<![CDATA[Along with the nativity story, a large, white bearded man in a red suit is probably the most readily associated image with Christmas. Whether called Santa Claus, Father Christmas or Saint Nicholas, the idea of a gift giving, sleigh riding, reindeer owning man climbing down chimneys is one which encapsulates the romance of Christmas, especially for excited children. Seemingly completely detached from the biblical story which is the basis of festive celebrations, the origins of the modern Santa Claus stretch all the way back to the third century CE. St. Nicholas was a monk, who it is believed was born sometime around 280 CE, in what is modern day Turkey. Admired for his piety, legends claim that St. Nicholas gave away his wealth and spent his life travelling the countryside helping the sick and poor. Stories range from him using his riches to save three sisters from being sold into slavery, to resurrecting three murdered children. His reputation as a hero was further enhanced by his brave defence of Christianity. During the 'Great Persecution' of Christians by the Romans, he was imprisoned for his acts of defiance, refusing to renounce his faith even under threat of death. Following his death the legend of St. Nicholas continued to grow and spread, the tales of charity leading to him becoming the saint of sailors and children. The 6th December, the supposed anniversary of Nicholas' death, was celebrated throughout Europe. By the time of the Renaissance, St. Nicholas was the most popular saint on the continent, his positive reputation continuing even after the Reformation, when the veneration of saints started to be discouraged. . Of course, a pious saint from Turkey has little connection to the North Pole. In the years since the Reformation, the image of St. Nicholas changed drastically, as various myths started to cross over. In post-Reformation Northern Europe, Christmas myths started to form around the baby Jesus bringing gifts to good children. Germanic societies started to create mythical fairy tale creatures who acted as Jesus' assistant, delivering the gifts and issuing threats to bad children. Some of these fairy tale creatures, such as Aschenklas and Ru-Klaus, increasingly came to be based on St. Nicholas. This mixture of folk story and Christian Doctrine eventually spread to North America in the waves of European migration, and helped inspire a movement at the turn of the nineteenth century to turn Christmas into a much more family orientated event. Washington Irving described a pipe smoking St. Nicholas flying a sleigh over New York in his 'Knickerbocker's History of New York'. An anonymous 1821 poem, 'The Children's Friend', went further, making Santa Claus a gift bringer comparable to modern descriptions of him. In the poem, St. Nicholas the saint is fused with the ragged, fur wearing characters from the Northern European fairy tales. The following year, Clement Clarke Moore's 'The Night Before Christmas' added reindeer to the myth, and suddenly the modern Santa Claus started to take shape. The poem proved hugely popular, and helped cement ideas of Christmas as a children focused family occasion. By the late 1920s, the familiar 'American Santa' - an ample man in a red, fur trimmed suit, had been created and widely circulated in the works of various illustrators in the USA. In 1931, this image started to be used in Coca Cola advertising campaigns created by Haddon Sundblom. Matching the path of globalisation, America's Santa soon went international, along with the drink his image was used to promote. ]]>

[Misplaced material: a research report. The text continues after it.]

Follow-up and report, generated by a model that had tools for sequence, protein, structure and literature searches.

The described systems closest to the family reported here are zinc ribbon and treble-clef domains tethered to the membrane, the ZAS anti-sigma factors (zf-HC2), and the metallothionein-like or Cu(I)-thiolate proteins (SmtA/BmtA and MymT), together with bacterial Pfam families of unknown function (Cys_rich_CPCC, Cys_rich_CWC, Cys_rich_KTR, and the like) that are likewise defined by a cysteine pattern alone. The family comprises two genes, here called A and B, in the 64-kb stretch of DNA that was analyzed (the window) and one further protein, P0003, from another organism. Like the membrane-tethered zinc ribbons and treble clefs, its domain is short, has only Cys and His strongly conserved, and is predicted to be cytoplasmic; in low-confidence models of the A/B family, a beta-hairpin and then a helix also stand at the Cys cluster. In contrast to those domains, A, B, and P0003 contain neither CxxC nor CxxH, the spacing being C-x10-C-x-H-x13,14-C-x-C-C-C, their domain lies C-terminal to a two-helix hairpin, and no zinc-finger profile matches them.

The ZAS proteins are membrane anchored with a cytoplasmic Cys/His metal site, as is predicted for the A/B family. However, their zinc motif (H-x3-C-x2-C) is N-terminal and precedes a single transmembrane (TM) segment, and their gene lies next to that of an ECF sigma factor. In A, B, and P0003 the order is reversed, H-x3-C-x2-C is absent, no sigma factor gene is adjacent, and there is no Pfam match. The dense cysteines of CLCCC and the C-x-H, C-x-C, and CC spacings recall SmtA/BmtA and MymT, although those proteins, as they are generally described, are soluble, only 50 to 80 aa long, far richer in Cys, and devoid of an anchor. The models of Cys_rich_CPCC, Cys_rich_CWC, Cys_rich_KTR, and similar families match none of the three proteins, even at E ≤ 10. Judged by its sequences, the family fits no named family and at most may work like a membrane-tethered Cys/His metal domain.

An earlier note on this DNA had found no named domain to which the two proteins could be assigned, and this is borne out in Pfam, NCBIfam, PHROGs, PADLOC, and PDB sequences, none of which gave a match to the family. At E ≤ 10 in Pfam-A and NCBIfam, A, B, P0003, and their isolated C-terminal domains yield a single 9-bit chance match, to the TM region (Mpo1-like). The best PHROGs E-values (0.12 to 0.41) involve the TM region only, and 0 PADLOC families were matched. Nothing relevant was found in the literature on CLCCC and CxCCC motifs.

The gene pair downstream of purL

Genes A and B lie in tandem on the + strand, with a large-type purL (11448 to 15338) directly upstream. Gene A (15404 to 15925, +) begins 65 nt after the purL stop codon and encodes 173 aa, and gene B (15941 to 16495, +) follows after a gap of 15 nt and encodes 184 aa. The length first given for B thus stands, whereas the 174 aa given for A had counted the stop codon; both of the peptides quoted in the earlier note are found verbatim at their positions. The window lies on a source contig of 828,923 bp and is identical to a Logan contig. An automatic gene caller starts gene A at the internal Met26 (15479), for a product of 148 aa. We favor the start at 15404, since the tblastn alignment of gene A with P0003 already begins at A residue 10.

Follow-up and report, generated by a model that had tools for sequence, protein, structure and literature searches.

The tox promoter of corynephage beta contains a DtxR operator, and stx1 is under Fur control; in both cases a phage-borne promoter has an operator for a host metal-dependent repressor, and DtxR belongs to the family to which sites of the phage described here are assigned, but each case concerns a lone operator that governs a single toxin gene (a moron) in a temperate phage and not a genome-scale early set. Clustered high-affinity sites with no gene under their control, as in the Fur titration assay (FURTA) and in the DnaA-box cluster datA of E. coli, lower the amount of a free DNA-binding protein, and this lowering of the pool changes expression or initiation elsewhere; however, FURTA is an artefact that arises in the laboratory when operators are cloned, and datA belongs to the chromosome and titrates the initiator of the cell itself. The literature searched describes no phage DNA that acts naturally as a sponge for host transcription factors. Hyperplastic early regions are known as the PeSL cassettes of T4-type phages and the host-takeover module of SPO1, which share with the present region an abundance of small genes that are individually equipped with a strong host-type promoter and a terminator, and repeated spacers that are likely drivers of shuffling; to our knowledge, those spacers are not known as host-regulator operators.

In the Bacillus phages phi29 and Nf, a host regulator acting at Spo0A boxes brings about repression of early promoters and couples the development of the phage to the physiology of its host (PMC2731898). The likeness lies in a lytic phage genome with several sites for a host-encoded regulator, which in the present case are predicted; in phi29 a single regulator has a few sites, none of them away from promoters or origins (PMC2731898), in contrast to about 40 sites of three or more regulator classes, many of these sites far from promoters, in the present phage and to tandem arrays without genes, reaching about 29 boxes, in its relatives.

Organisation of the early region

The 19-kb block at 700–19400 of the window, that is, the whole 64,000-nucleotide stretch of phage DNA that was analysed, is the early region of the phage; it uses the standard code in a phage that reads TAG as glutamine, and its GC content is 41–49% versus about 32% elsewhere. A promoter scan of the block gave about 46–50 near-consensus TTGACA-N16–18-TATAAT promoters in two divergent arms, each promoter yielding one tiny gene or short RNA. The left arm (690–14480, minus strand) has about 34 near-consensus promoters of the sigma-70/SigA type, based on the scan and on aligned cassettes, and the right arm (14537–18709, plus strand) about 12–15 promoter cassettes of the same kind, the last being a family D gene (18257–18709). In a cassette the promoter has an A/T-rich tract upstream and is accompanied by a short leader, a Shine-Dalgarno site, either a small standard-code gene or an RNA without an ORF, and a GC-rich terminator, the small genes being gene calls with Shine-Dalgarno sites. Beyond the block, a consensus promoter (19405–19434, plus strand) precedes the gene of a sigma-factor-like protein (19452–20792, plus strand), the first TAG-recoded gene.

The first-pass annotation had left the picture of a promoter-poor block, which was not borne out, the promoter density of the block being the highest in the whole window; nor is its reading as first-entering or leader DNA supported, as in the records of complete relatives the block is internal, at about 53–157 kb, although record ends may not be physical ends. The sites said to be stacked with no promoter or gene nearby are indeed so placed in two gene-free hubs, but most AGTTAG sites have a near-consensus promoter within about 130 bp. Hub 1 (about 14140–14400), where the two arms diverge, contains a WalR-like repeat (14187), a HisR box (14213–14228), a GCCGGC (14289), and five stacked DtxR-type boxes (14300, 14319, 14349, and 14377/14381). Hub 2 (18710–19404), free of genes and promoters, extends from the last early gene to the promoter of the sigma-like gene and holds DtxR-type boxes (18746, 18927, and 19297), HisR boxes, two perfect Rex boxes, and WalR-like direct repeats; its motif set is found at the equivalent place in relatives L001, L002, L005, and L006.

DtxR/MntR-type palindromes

Jim "Zak" Szakmary
A very interesting and timely article; however, it’s odd that you couldn’t find it within yourself to use the letters “AD” in describing the era of a religious article about Christ and Christmas, and chose instead to use “CE.” In an effort to be as politically correct as possible you were also able to insult as many Christians as possible. Perhaps a graduate degree will give you some additional insight on this particular subject.
I’m glad you found the article interesting. We apply the same standards to all articles, regardless of content, and in this case follow standard academic nomenclature. It’s a shame that you found that insulting, although I’m curious as to why you would?
Jim "Zak" Szakmary
I’m sorry, Admin, that this would even have to be explained to you, or that you would even ask. BTW, here was an amendment to your “standards.”
“Her favorite points in History are those when engineering had a profound effect on the people of the time, from the Roman aqueduct of Segovia, c. A.D. 50, to the Panama Canal, c. 1914, to whatever’s next.”
So it appears that “we” may use A.D. in lieu of CE.
It appears that when I’ve responded in writing to something that runs counter to your claim that, “[W]e apply the same standards to all articles . . . ,” it suddenly disappears. Must have been considered an “obscene or offensive comment.” That’s okay, other than your comment section, I actually enjoy your website very much.
Don’t worry, you aren’t being censored! We are just a little slow to approve comments at this time of year. Ironically, perhaps, due to celebration of the event which started your initialism A.D. and New Years.
Thankyou for pointing our editorial oversight. We shall correct it ASAP.
st. nicholas was a greek (and greek orthodox) bishop. shouldn’t that be mentioned when talking about his history?